Chattanooga may be ranked first in a list of America's most Bible-minded cities, according to the American Bible Society, but officials say that makes its residents no more biblically literate than going to church makes them Christians.
The study, recently conducted by Barna Group, moves the city up from No. 3 on last year's list. Knoxville, No. 1 on the list released in 2013, fell to 10th. Nashville was 13th.
"I'm not surprised," said Gary Phillips, co-pastor of Signal Mountain Bible Church. "In Chattanooga, we're blessed with many wonderful Bible-believing churches. Bible history is taught in the schools. Many biblically based ministries reside here. People give to many worthy Christian causes. All of that is very encouraging, so [the results] make sense in a way."
However, that's where the Bible becomes countercultural, he said.
"To be Bible-minded, you have to start with information," Phillips said. "That's where the survey stopped. After information has to come application. The issue is how do we live for Jesus and how we treat others around us."
Ralph Mohney Jr., president of Bible in the Schools, said while Bible knowledge in Chattanooga may be high, Bible understanding is likely much lower.
"We live in an increasingly secular society where Bible literacy is at a relatively low level," he said.
However, Mohney said he believes the court-approved Bible history courses taught in 17 Hamilton County middle and high schools -- and in various forms over the past 92 years -- may help with that knowledge.
"I do feel the presence of a Bible history program ... has had some impact," he said. "Hundreds of thousands of children who have passed through have learned about the Bible. I think that contributed in some way. And it continues to be an opportunity."
Mohney said his organization knows that 50 percent of students who first take a Bible history class have had little or no exposure to the Bible and that a majority of students who attend a local school offering the elective class end up taking one.
"I think that speaks to the popularity of the classes and to the teachers we have," he said. "Most of the other schools would like us to be present, but it's a matter of funding. It's a great opportunity if funding ever becomes available."
The American Bible Society survey says Bible-mindedness is calculated based on combined levels of regular Bible reading (whether the respondent has read it in the last seven days) and residents' belief in the Bible's accuracy.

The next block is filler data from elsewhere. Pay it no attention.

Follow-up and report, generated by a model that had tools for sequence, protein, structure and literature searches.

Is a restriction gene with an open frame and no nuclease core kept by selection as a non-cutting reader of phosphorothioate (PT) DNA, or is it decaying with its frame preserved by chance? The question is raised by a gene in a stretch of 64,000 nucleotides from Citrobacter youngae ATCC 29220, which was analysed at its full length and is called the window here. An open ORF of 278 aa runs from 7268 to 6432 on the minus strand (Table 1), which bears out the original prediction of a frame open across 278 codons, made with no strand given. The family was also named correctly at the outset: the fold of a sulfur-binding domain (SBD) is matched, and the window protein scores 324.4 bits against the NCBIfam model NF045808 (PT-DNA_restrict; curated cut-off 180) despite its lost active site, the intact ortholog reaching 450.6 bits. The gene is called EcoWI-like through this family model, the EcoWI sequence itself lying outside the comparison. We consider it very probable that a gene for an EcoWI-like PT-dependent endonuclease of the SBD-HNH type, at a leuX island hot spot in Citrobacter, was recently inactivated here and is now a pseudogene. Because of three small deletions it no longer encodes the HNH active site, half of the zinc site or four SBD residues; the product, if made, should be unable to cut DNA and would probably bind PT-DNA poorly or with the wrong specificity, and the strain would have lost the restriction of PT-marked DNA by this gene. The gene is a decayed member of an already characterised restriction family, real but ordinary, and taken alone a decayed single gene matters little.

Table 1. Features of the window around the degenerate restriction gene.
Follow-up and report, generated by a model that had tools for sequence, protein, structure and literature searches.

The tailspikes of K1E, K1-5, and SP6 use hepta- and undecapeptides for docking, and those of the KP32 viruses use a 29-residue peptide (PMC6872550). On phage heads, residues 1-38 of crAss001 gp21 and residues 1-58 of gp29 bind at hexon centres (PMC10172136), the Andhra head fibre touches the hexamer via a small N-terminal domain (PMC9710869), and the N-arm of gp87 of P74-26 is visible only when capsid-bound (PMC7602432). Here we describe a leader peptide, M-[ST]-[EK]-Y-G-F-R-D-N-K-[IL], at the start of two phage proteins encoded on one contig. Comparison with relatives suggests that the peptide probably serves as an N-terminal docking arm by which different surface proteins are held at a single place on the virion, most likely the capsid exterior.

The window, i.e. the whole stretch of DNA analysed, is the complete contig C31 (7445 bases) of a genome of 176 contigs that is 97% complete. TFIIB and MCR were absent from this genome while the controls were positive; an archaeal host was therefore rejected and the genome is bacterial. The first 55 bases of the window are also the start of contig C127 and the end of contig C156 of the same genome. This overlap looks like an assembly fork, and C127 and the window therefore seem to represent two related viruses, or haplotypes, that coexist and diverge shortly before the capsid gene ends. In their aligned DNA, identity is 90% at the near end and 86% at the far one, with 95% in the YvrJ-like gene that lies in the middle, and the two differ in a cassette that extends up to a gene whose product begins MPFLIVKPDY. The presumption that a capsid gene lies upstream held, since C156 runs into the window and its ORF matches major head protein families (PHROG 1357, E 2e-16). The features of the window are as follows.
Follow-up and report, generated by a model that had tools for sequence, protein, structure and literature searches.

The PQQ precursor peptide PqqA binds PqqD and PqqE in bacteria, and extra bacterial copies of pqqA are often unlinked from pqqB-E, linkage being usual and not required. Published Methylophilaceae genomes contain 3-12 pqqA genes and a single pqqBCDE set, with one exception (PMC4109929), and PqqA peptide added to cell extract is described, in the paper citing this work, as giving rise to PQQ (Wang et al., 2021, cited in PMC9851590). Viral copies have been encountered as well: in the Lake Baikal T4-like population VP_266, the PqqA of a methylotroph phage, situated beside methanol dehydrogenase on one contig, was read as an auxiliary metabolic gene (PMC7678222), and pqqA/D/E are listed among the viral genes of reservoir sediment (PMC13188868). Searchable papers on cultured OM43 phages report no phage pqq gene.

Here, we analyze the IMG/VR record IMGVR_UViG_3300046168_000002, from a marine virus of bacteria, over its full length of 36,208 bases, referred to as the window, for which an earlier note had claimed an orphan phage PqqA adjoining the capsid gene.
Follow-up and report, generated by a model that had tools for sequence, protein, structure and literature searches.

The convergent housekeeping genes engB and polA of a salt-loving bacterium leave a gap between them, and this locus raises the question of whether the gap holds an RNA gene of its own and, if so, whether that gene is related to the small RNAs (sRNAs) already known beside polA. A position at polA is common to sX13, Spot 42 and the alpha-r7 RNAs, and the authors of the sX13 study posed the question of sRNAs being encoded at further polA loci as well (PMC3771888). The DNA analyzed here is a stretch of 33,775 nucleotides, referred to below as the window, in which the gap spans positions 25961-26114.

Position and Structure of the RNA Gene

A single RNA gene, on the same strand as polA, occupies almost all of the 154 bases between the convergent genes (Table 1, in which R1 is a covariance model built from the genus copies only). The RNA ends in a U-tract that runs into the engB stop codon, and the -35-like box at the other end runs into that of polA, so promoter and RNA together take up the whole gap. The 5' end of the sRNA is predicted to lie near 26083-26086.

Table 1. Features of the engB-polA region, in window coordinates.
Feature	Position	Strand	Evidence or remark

Therein lies the rub, said Dr. Douglas Fairbanks, a native Chattanoogan who is senior pastor at First-Centenary United Methodist Church. What the survey means by "belief in the Bible's accuracy" may mean different things to different people, he said.
It may mean inerrancy or it may mean God's revealed truth in love for humanity and in offering us a correct pattern of behavior, he said.
Fairbanks said the community is much more diverse today than when he was growing up.
"But this city overall continues to take the Bible very seriously," he said. "It still impacts the way we live our lives."
Angie Conroy, volunteer director of Chattanooga Bible Institute, an organization founded in 1933 to support local churches and their ministries, said the ranking for the city, sitting as it does in the middle of the Bible Belt, is deserved.
"It rings true of the cities I've visited," she says. "The Bible is a very precious and reverent book to the people in this city."
Conroy said most Chattanoogans want to believe the Bible, hope it's true, follow its moral lessons and believe Jesus was real.
Whether residents believe as she does, in the infallibility of the Bible and that it is the inspired word of God, "I have no way of knowing," she said. "That's really between the individual and God."
Contact staff writer Clint Cooper at firstname.lastname@example.org or 423-757-6497. Subscribe to his posts online at Facebook.com/ClintCooperCTFP.
Clint Cooper is the faith editor and a staff writer for the Times Free Press Life section. He also has been an assistant sports editor and Metro staff writer for the newspaper. Prior to the merger between the Chattanooga Free Press and Chattanooga Times in 1999, he was sports news editor for the Chattanooga Free Press, where he was in charge of the day-to-day content of the section and the section’s design. Before becoming sports ...